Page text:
KEITH BEATY/TORONTO STAR
Gluten-Free Food Goes Mainstream
Choices for celiacs and those with sensitivity are slowly improving
Apr 16, 2008 04:30 AM Barbara Turnbull LIVING reporter. On Friday night, Janet Dalziel did what thousands of Torontonians do every day: she picked up the phone and called 967-1111. Her pepperoni and mushroom pizza came with a gluten-free crust, which the Pizza Pizza chain introduced in 50 Toronto restaurants last month. That was a big deal for the school vice-principal, who was diagnosed with celiac disease in 2001 and can't consume regular wheat products. "It put me back in the real world," she says. The fast food chain is the latest in a long line of manufacturers to acknowledge the growing demand for products made without gluten, a protein found in wheat, rye and barley. It's also used in many foods to add texture or flavour.
"Gluten is hidden everywhere – salad dressings, soya sauce, chicken broth, for heaven's sake," Dalziel says.
While Toronto celiacs have long had options such as gluten-free crust and pasta at a smaller pizza chain called Magic Oven, you know it's gone mainstream when Pizza Pizza jumps on the bandwagon. Celiac disease, also known as gluten intolerance, is the most common chronic autoimmune disease in the world, affecting one out of every 133 Canadians, says Dalziel, who became president of the Canadian Celiac Association last year. In celiac disease, gluten triggers the body's immune system to attack the lining of the intestine, which impairs its ability to absorb nutrients.
But many other people are seeking food products without gluten to deal with a real or perceived food sensitivity, resulting in a gluten-free boom at mainstream grocery stores and restaurants.
Pizza Pizza's chief marketing officer, Pat Finelli, says the trial at 50 GTA locations has been so successful the company will expand it across the country. The reaction has been even stronger than with the launch of whole-wheat and multi-grain crusts, he notes. Last week they sold 2,100 gluten-free pizza crusts with no advertising, other than word-of-mouth and a mention on their website.
Gluten-free products are also cropping up at stores, bakeries and cafés all over the GTA. O'Doughs is a new North York bakery that's totally gluten-free, but also supplies health food stores throughout the GTA. Hilary Davidson, the travel writer behind the Frommer's Toronto guidebook, has started a blog for people with celiac or gluten intolerances who want to dine out and travel (glutenfreeguidebook.com). Civilized societies have been growing wheat and making bread with it for thousands of years. The gluten left after rinsing out the starch in wheat is also known as seitan and is used by the Chinese and vegetarians as a "wheat meat."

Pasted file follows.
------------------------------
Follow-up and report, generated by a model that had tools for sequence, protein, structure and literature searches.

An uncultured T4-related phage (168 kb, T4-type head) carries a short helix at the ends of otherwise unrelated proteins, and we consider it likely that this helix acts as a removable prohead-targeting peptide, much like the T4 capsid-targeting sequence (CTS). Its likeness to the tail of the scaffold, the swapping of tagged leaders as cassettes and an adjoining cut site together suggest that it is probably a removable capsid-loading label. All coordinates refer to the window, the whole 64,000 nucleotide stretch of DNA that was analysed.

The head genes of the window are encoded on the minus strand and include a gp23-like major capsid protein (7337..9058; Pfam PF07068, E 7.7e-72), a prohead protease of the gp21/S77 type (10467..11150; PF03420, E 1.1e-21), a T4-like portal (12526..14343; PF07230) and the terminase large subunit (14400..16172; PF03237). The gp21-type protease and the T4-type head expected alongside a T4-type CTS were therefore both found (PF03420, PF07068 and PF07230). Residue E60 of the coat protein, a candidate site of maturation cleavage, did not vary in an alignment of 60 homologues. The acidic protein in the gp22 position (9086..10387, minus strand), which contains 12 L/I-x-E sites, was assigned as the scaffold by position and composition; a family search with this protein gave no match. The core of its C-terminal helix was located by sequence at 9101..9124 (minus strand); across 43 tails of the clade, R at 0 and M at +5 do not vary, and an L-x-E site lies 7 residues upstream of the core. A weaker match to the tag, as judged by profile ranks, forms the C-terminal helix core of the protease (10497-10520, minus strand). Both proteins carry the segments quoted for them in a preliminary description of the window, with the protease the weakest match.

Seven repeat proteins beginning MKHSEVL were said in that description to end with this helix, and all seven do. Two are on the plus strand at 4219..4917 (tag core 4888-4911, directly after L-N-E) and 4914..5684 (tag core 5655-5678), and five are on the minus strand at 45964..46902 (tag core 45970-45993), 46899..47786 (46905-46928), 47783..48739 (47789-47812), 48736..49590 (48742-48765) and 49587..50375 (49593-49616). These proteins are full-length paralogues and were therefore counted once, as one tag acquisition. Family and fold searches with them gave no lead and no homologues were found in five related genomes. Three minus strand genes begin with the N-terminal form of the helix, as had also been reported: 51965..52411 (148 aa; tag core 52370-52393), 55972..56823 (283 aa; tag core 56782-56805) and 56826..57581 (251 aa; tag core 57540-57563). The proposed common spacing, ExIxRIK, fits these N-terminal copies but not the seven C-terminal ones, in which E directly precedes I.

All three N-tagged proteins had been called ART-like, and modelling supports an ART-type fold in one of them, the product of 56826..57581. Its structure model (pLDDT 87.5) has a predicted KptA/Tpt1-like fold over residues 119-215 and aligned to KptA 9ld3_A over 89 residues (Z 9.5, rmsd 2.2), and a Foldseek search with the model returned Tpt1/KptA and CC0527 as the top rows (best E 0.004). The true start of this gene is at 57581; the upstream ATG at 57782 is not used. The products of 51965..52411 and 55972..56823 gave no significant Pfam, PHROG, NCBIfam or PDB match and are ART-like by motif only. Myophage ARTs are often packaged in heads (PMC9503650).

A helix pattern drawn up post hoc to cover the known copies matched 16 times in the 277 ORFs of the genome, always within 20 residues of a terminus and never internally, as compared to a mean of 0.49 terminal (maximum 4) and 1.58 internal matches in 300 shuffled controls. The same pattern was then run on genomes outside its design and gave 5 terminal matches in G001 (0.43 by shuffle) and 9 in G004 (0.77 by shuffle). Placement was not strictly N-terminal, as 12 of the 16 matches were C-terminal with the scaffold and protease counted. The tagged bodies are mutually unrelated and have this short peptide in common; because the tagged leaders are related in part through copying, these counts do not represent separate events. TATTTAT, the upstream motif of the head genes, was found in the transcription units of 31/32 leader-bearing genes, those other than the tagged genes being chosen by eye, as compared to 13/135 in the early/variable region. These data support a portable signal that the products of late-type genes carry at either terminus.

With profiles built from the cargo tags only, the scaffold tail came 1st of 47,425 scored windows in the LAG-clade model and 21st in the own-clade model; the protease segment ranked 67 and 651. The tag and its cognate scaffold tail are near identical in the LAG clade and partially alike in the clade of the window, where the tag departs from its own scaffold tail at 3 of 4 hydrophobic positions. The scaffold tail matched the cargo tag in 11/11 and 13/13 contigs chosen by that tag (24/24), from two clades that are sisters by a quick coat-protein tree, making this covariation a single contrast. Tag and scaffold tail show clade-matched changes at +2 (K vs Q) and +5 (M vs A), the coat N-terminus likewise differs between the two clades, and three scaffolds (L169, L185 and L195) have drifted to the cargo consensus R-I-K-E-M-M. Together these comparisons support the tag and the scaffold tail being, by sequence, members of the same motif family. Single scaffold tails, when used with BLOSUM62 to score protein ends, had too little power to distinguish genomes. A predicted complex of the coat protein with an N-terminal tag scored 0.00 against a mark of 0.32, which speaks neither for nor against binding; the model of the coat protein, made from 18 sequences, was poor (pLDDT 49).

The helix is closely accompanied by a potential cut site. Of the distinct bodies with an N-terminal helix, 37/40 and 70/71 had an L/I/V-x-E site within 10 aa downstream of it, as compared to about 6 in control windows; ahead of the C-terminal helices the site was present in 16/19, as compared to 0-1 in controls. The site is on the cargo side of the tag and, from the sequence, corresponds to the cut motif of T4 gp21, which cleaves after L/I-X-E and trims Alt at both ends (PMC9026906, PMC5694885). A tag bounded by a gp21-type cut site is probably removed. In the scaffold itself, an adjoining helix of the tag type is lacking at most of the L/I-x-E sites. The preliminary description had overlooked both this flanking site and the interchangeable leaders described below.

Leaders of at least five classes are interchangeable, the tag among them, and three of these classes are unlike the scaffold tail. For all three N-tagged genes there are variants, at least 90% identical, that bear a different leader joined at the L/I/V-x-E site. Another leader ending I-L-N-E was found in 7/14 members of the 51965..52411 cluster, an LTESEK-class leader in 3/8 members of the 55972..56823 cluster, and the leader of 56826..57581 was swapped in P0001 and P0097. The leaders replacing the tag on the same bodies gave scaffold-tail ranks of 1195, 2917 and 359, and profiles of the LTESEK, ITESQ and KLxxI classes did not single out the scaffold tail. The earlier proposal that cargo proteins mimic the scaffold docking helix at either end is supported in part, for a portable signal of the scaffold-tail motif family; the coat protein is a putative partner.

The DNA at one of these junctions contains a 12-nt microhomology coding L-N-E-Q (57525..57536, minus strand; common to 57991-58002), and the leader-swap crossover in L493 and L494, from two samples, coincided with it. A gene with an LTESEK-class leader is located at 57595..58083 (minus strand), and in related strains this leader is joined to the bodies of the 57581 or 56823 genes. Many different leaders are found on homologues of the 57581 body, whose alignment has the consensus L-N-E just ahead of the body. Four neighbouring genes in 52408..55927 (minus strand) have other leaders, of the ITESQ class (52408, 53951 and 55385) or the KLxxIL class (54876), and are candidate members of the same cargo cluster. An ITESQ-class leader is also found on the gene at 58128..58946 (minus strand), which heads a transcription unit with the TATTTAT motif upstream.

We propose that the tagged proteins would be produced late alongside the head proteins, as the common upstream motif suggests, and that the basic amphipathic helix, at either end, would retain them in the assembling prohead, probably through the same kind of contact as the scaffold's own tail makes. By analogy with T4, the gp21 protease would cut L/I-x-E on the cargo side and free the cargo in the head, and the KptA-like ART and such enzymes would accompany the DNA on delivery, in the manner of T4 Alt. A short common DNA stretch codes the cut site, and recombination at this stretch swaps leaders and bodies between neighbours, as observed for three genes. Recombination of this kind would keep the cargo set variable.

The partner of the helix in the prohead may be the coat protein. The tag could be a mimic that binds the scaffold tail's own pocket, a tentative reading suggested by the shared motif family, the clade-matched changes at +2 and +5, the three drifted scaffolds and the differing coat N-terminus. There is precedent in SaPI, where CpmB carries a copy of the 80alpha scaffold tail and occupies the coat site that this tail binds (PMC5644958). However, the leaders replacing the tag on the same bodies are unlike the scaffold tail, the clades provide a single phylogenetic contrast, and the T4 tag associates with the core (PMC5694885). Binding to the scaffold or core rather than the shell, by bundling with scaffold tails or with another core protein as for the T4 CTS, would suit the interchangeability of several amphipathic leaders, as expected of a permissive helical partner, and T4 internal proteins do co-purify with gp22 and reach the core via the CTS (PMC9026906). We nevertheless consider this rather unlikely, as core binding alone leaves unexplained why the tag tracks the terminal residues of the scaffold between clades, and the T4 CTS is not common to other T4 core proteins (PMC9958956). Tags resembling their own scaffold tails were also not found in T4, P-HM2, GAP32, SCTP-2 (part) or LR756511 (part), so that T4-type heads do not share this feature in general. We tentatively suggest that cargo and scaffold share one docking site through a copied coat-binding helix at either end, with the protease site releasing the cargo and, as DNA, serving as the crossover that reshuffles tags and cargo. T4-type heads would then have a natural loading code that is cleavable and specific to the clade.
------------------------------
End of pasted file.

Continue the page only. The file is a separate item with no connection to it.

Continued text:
Many people think they are sensitive to gluten without having celiac disease, says Dr. David Jenkins, the Canada Research Chair in Nutrition and Metabolism at the University of Toronto.
In clinical research training, Jenkins, 65, learned that many people with gastrointestinal problems other than celiac disease appear to benefit from a gluten-free diet. But that can't be scientifically validated, due to the fluctuating nature of the conditions, says Jenkins, who is also director of the risk factor modification centre at St. Michael's Hospital.
The link between gluten and celiac disease was discovered during World War II, when the supply of wheat was disrupted. Some children with the condition improved, but after the war, their health deteriorated as wheat consumption rose.
No one knows exactly why gluten causes the reaction, but in celiacs it inflames of the lining of the small intestine, leading to chronic diarrhea, weight loss, fatigue, anemia, cramps and bloating.
A lot of other people feel that bloating and other symptoms disappear after cutting out wheat and gluten, but there are no diagnostic criteria for it, Jenkins says. He cautions against cutting all gluten out of the diet, with the exception of celiacs, for fear of eliminating foods that may contain gluten but are still good for the body.
Grocery shopping is still a multi-store marathon for Dalziel. She drives all over the city to get the best specialty products. "Even a product that was safe the last time I went grocery shopping I have to check again, because formulations will change very often," she says.
Among her favourite stops is the Montmartre Bakery in Scarborough, which makes more than 40 kilograms of rice-based dough into loaves, buns and pizza shells each Thursday, strictly by preorders and cash sales. They're working on a chocolate chip cookie, says owner Ralph Lang. Dalziel hesitates to recommend the bakery to celiacs, because it also makes regular bread and she says anyone who's hypersensitive may react to flour in the air. She's also afraid the bakery won't be able to keep up with demand once the secret gets out.
As it happens, Dalziel's cherished rice bread comes from a mix and even that bag carries a warning "May contain traces of wheat." But Lang uses separate pans and utensils for wheat and gluten-free products and no one has ever reported a reaction, he says.
Jenkins advises everyone, celiac or not, to branch out and try bread made with different grains such as quinoa, oats, corn or kamut.
"People have to be careful in deciding whether they feel better or not, because we may not be able to measure anything (to indicate) whether they are better or not," he says. "You've got to have a very good reason for cutting (gluten) out."